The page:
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A Critical Phase

Early in life, breeder pullets are given vaccines allowing them to produce antibodies that will be passed on to their progeny. These maternal antibodies travel through the hen’s bloodstream to the egg yolk, then to the developing chick when the yolk sac is absorbed. Antibodies absorbed through the yolk sac help protect the chick from immunosuppressive viral disease, such as reovirus and infectious bursal disease found in the environment. These viruses may cause disease if the maternal antibodies from the yolk sac do not get into the chick’s blood stream.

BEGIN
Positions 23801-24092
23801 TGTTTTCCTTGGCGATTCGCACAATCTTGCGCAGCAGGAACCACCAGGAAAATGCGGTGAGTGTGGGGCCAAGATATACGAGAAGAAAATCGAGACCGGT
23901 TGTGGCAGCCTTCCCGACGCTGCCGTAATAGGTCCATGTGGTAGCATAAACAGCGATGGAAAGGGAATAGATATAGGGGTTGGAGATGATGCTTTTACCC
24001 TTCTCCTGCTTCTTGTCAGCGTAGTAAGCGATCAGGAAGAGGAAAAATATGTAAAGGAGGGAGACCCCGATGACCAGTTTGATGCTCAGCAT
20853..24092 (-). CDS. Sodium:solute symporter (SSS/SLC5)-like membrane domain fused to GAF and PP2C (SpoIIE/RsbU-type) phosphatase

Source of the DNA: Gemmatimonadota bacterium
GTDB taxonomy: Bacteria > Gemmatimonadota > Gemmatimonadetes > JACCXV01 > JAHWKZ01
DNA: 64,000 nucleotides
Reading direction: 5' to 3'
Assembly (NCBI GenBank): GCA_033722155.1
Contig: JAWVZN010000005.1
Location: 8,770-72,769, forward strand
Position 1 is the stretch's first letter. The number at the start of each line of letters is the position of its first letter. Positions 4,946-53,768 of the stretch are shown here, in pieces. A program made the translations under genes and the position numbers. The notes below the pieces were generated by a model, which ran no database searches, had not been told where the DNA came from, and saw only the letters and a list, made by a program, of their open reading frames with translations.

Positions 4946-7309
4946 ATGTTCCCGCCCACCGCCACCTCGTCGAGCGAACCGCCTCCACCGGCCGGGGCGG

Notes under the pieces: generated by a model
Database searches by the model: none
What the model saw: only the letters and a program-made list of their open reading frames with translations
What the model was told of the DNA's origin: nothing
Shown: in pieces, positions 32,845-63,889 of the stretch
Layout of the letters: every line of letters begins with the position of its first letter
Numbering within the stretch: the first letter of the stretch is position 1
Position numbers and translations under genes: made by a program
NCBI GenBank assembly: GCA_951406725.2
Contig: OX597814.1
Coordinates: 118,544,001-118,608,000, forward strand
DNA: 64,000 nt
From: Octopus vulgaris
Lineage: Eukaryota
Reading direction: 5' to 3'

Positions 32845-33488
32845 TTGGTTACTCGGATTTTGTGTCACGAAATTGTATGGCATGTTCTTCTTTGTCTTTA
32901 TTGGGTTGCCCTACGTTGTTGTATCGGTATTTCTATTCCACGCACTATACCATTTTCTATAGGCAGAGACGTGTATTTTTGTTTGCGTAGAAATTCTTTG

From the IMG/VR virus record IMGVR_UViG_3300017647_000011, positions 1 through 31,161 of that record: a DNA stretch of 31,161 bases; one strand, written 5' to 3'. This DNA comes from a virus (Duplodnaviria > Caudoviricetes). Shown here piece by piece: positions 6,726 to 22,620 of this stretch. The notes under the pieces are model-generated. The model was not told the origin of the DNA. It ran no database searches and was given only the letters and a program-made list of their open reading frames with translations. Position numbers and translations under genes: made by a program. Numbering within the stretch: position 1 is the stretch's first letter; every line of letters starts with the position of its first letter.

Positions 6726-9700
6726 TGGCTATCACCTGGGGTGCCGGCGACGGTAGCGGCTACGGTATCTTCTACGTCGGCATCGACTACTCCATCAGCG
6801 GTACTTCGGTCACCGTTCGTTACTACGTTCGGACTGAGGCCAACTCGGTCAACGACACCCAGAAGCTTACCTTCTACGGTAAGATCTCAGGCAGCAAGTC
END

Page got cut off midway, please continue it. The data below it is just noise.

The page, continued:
Once absorbed, the yolk material protects the chick for the first 10 to 15 days of life. After this time, the chick will make its own antibodies. If the chick is not managed properly, the yolk sac, and the antibodies contained in the yolk material, will not be absorbed by the chick. The primary factor that interferes with the absorption of the yolk material is stress. Stress also interferes with feed and water intake and ultimately performance.

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